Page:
‘I was lucky enough to be able to go back to university and took a Master’s Degree in information technology, but unemployment in Lanarkshire became a big problem, which continues to this day.

‘When I graduated, I looked around for an IT job, then took a shift manager’s role at Strathclyde grain distillery in Glasgow, which was owned by Allied Distillers. I was there for seven years, and worked closely with the legendary master blender Robert Hicks and with Sandy Hyslop, now Ballantine’s master blender and director of blending, on spirit quality, and began to get involved with quality control.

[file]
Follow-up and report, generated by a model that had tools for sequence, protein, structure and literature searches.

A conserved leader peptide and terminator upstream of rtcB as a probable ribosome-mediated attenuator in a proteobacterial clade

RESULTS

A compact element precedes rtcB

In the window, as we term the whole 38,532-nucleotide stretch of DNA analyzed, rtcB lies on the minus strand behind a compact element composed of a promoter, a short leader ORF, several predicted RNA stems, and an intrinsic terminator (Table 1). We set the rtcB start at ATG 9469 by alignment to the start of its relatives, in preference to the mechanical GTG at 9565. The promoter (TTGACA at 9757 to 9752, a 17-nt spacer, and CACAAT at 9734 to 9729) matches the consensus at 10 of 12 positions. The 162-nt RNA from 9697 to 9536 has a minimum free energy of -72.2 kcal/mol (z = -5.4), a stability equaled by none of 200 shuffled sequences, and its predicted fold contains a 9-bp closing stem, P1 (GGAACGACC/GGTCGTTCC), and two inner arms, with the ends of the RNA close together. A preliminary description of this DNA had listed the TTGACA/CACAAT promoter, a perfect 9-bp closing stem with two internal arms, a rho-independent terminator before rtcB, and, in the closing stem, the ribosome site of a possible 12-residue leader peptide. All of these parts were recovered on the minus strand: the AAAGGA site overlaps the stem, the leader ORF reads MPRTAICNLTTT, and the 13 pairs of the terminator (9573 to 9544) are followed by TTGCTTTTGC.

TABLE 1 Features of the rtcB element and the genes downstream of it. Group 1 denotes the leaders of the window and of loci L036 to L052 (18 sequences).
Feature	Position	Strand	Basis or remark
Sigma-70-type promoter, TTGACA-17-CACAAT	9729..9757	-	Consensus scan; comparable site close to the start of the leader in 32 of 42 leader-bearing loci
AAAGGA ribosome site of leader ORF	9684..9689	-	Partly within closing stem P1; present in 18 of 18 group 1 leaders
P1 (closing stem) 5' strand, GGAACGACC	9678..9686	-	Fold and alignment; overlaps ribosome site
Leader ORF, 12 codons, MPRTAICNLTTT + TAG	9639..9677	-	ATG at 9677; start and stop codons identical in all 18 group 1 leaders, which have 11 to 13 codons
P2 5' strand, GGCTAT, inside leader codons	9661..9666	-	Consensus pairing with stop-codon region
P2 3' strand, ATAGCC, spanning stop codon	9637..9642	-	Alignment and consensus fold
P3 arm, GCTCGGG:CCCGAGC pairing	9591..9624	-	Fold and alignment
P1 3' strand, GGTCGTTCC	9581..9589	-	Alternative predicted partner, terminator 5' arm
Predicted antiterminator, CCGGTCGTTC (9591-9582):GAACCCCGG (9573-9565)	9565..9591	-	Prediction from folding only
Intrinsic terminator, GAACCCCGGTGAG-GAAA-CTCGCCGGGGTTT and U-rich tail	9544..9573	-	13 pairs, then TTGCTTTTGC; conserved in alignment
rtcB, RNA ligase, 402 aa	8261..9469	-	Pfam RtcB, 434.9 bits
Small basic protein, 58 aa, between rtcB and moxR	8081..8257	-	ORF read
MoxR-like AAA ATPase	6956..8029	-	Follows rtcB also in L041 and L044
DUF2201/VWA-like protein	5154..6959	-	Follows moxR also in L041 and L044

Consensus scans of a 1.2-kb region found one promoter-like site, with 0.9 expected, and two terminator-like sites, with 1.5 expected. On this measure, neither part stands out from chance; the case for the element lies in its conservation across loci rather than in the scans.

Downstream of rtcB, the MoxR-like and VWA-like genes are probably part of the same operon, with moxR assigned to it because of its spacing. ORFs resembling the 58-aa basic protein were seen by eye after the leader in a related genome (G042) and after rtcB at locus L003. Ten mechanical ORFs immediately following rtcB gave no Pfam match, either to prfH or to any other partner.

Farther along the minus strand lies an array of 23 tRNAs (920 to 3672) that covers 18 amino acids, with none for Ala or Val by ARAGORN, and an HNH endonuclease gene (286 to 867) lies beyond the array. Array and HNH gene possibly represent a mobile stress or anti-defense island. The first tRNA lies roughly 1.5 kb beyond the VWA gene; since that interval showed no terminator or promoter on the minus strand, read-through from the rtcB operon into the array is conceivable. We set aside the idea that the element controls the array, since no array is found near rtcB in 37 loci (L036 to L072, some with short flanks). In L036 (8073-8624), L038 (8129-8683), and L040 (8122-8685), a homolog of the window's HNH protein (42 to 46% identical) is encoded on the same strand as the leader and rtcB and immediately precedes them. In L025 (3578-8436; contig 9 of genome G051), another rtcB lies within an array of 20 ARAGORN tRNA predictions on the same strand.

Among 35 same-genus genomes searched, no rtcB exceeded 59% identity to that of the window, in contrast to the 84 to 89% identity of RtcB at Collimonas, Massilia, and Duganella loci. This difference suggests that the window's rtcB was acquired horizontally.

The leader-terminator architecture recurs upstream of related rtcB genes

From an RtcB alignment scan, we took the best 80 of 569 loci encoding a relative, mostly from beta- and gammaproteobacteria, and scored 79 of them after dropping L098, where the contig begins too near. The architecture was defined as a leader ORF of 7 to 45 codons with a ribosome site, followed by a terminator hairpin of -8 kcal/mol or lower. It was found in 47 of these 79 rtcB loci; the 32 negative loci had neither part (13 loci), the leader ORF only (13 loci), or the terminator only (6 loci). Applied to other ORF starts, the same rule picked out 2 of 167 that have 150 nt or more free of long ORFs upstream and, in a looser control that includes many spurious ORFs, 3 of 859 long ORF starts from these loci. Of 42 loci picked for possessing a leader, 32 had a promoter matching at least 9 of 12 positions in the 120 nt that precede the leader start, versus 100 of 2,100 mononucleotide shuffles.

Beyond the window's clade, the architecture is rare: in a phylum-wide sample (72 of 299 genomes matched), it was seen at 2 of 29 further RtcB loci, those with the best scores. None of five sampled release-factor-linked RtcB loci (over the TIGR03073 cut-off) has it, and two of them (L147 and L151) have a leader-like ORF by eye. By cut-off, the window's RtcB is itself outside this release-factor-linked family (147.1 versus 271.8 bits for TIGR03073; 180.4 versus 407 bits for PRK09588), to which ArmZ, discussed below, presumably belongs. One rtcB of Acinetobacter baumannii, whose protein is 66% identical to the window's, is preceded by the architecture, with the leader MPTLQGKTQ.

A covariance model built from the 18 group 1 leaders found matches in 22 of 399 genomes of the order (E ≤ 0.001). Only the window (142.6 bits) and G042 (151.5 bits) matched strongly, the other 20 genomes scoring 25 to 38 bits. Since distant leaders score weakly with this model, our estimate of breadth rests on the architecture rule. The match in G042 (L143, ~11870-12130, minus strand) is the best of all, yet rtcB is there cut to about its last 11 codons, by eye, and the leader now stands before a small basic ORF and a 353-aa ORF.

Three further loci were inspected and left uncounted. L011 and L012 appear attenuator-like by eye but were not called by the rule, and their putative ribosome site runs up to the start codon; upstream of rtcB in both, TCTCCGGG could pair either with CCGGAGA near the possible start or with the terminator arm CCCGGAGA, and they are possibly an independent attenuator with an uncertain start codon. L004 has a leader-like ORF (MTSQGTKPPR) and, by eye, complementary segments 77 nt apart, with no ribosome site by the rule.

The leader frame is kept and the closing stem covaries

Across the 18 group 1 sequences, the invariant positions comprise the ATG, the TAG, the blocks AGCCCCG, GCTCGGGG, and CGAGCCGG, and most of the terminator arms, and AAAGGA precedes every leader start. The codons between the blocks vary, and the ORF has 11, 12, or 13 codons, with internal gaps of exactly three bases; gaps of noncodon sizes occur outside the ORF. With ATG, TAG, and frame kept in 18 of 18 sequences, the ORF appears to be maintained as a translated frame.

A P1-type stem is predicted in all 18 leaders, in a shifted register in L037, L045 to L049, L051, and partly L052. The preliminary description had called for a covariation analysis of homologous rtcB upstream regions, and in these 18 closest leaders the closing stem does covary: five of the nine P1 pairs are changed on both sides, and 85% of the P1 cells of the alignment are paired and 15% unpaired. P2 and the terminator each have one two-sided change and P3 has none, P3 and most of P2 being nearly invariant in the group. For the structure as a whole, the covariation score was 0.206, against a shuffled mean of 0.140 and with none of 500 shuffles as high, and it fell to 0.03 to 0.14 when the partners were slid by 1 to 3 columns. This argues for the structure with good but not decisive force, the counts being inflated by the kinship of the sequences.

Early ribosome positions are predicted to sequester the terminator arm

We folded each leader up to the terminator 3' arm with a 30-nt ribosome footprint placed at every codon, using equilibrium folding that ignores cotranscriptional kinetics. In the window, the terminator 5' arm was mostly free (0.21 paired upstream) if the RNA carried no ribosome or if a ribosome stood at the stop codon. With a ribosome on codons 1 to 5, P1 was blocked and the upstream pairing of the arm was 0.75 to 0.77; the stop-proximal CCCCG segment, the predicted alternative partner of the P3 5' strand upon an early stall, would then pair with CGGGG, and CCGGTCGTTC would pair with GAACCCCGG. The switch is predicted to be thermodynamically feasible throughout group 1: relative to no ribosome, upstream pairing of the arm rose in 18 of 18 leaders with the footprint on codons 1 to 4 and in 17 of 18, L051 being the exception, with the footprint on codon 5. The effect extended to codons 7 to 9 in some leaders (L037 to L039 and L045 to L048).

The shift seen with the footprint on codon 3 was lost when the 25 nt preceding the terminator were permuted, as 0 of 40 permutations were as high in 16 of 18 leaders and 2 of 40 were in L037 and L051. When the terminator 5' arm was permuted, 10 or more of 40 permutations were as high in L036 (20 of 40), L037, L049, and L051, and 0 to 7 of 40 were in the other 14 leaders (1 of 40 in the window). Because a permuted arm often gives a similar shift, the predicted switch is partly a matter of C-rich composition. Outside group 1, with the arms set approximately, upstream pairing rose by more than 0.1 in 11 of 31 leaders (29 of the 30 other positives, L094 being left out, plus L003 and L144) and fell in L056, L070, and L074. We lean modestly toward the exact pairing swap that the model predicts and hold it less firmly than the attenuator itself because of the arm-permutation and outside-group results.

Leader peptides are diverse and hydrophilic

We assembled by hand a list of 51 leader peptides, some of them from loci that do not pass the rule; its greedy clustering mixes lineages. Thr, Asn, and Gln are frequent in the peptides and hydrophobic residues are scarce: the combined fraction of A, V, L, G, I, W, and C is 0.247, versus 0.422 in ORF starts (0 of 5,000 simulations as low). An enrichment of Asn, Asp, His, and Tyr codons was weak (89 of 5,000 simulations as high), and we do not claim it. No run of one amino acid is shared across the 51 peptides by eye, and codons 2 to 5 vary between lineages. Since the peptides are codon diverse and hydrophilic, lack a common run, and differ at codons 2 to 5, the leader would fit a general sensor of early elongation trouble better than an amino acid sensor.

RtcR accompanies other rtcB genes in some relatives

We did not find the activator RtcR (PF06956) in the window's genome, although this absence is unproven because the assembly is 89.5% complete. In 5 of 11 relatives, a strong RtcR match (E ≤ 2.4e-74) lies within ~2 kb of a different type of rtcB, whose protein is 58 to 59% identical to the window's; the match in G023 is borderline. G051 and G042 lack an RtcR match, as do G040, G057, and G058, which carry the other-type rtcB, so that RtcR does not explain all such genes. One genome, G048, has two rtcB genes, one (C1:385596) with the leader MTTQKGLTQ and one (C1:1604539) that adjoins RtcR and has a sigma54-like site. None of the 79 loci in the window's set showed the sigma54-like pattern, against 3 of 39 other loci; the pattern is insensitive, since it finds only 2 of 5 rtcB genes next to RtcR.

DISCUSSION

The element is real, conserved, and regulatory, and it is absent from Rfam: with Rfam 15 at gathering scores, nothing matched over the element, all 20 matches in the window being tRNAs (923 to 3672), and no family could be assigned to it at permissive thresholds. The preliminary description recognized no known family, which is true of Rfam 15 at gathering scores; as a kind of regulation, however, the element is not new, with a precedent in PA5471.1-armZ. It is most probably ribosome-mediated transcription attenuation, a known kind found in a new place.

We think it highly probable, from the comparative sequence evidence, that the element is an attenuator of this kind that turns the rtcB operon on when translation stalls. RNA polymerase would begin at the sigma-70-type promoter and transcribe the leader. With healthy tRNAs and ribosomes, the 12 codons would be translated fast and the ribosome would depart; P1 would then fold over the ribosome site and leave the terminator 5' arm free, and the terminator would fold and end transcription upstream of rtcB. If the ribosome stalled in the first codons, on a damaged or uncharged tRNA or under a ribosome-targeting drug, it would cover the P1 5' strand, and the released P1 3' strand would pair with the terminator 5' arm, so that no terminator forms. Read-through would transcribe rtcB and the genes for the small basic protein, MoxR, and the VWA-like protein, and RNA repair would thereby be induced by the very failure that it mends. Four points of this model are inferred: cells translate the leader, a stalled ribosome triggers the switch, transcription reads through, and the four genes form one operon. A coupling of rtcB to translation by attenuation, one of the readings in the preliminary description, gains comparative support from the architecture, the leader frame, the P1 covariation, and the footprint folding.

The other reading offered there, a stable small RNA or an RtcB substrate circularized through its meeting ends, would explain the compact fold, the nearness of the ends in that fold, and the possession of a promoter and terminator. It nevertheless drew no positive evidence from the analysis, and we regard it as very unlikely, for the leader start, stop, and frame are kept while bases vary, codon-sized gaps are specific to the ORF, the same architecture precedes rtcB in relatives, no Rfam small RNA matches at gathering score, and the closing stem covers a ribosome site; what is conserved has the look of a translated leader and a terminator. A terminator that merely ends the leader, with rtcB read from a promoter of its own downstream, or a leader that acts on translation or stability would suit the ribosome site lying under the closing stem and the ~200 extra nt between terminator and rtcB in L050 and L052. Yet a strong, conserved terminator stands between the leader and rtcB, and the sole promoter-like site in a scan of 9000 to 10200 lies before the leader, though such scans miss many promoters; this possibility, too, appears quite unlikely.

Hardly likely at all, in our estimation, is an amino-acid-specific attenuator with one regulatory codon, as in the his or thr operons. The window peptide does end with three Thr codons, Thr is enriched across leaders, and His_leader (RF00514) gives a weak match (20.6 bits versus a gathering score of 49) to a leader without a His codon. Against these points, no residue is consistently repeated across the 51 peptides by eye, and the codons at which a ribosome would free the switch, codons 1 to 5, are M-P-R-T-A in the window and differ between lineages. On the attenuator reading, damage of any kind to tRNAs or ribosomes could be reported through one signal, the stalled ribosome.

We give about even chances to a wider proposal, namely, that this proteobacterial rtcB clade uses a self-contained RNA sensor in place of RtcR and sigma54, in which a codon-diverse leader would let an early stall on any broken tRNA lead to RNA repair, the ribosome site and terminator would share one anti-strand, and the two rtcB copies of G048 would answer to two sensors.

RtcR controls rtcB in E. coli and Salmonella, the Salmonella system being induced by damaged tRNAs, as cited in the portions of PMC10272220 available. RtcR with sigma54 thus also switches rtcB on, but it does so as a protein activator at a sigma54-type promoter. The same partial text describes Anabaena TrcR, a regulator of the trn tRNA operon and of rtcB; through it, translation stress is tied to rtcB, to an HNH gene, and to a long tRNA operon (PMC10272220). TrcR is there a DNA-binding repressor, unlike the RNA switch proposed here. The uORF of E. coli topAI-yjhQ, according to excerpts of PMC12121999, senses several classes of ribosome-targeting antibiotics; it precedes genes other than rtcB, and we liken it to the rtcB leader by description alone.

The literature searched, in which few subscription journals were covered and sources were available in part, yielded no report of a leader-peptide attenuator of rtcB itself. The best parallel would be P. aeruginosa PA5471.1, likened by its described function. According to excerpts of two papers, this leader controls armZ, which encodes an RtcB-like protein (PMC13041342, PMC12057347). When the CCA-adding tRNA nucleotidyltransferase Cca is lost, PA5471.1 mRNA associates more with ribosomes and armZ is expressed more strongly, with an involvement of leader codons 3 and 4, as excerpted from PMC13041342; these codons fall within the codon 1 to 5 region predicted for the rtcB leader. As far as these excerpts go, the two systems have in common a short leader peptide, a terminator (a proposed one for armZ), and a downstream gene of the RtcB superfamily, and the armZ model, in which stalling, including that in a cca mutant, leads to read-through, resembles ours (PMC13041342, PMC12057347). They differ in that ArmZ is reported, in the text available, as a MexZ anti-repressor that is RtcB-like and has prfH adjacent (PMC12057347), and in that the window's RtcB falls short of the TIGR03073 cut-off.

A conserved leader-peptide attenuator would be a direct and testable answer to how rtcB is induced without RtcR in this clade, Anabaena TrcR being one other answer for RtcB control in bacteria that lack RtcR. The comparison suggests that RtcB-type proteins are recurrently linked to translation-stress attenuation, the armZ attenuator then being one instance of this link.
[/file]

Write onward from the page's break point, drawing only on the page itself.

Ron Welsh

Tough decision: Ron Welsh was involved in the closure of Dumbarton grain distillery in 2002

‘I then took on a project role looking at Allied Domecq’s grain distillation capacity, mapping out the future. We had Dumbarton and Strathclyde grain distilleries, and I was partly responsible for the decision to close down Dumbarton, which happened in 2002.

‘It wasn’t a decision that was taken lightly, but there was an over-supply of grain whisky at the time and the spirit from Dumbarton was more expensive than the alternatives, partly as the distillery was quite manually intensive.

‘Robert Hicks was responsible for making changes to the brand recipes to work with Strathclyde, Girvan and North British grains. In terms of Allied’s brands at the time, we were talking principally about Ballantine’s, Teacher’s and Long John blends.